Puerto Rican economists estimate that at least a million more able-bodies adults have given up job hunting, so that unemployment actually may be twice the official estimate.

In his campaign, Romero stressed economic issues, including the need for recovery in the badly hurt tourism and construction sectors.

The island's construction industry has been in a tailspin since President Nixon clamped a year-long freeze on federally funded housing projects in January, 1973. The industry's troubles deepened because of overbuilding of luxury high-rise condominiums.

Tourism began falling at the beginning of the 1970s, coinciding with overbuilding of hotels and urban development that have taken away some of the island's allure as a tropical paradise.

Romero has promised to help Puerto Rico's tourist industry recover, but he has not yet detailed how he will do it. He campaigned against slot-machine gambling - one source of tourist dollars - saying that it tarnishes the luxury hotels' image.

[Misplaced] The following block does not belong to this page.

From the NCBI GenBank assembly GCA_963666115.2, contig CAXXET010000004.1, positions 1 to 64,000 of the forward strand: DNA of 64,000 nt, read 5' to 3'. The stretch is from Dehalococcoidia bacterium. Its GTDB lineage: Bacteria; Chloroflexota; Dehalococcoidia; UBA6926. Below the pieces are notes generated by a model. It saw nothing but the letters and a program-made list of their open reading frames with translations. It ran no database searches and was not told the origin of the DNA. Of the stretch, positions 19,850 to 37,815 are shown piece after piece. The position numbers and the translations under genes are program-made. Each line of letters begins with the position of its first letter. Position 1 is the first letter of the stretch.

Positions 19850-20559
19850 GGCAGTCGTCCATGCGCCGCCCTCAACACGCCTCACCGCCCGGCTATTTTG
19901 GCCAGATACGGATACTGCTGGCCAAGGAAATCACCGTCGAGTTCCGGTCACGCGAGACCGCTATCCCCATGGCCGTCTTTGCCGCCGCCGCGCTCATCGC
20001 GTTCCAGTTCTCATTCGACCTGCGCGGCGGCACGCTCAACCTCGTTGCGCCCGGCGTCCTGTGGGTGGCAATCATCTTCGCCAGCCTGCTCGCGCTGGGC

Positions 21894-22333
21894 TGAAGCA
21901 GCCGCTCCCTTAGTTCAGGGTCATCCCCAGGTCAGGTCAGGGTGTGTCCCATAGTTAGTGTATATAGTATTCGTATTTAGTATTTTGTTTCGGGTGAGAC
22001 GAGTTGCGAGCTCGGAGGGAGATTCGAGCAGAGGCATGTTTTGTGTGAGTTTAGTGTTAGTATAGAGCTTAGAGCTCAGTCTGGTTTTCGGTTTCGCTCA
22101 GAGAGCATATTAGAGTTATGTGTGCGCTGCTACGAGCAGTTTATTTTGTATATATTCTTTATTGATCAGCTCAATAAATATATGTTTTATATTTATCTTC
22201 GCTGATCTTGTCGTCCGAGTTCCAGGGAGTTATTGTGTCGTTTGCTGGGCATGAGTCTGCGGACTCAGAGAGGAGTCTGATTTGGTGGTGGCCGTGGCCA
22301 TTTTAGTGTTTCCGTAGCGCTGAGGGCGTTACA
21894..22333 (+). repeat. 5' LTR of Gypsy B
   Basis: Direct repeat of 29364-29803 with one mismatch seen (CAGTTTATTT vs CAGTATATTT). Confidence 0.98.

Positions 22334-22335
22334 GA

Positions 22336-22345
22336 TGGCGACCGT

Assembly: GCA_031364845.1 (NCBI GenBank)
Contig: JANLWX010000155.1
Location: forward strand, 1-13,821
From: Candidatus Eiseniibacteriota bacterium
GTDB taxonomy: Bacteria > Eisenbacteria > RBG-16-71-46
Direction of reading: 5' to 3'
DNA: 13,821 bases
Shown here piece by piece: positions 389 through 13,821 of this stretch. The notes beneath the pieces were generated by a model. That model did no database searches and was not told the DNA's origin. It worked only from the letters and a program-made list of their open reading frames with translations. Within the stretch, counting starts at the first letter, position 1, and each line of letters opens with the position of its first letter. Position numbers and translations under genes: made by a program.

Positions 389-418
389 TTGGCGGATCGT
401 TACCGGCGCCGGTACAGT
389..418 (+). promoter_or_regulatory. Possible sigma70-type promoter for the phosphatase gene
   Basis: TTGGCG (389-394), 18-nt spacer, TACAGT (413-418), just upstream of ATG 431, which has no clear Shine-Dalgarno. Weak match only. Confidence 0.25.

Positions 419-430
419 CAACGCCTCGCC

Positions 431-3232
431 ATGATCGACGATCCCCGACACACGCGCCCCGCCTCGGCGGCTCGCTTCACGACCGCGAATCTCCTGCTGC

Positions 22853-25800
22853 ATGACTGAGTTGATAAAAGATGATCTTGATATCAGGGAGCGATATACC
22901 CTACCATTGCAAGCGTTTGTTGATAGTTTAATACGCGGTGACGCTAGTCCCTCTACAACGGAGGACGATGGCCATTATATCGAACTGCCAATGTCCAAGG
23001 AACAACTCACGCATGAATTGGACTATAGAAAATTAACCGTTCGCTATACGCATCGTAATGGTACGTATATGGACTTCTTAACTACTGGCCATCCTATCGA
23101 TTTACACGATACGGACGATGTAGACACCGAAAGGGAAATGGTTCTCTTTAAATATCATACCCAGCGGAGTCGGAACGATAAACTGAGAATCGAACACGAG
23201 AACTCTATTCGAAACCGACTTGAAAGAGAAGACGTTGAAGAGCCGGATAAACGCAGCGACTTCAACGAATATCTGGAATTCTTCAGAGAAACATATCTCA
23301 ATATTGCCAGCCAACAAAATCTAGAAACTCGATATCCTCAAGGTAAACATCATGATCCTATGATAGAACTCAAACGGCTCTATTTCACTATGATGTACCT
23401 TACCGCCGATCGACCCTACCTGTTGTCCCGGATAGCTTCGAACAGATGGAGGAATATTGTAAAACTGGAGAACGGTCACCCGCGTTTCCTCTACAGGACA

Romero also pledged to resell to private investors the telephone and cargo shipping public-service corporations purchased by the commonwealth during the Hernandez-Colon administration. Romero repeatedly blasted the government purchases, saying they had badly weakened private business confidence in the Puerto Rican economy.

Now, Romero will be pressed to move fast to carry out his economic recovery promises.Throughout his campaign, he pledged to forgo any immediate drive to change Puerto Rico's relations with the united state until economic recovery was well under way.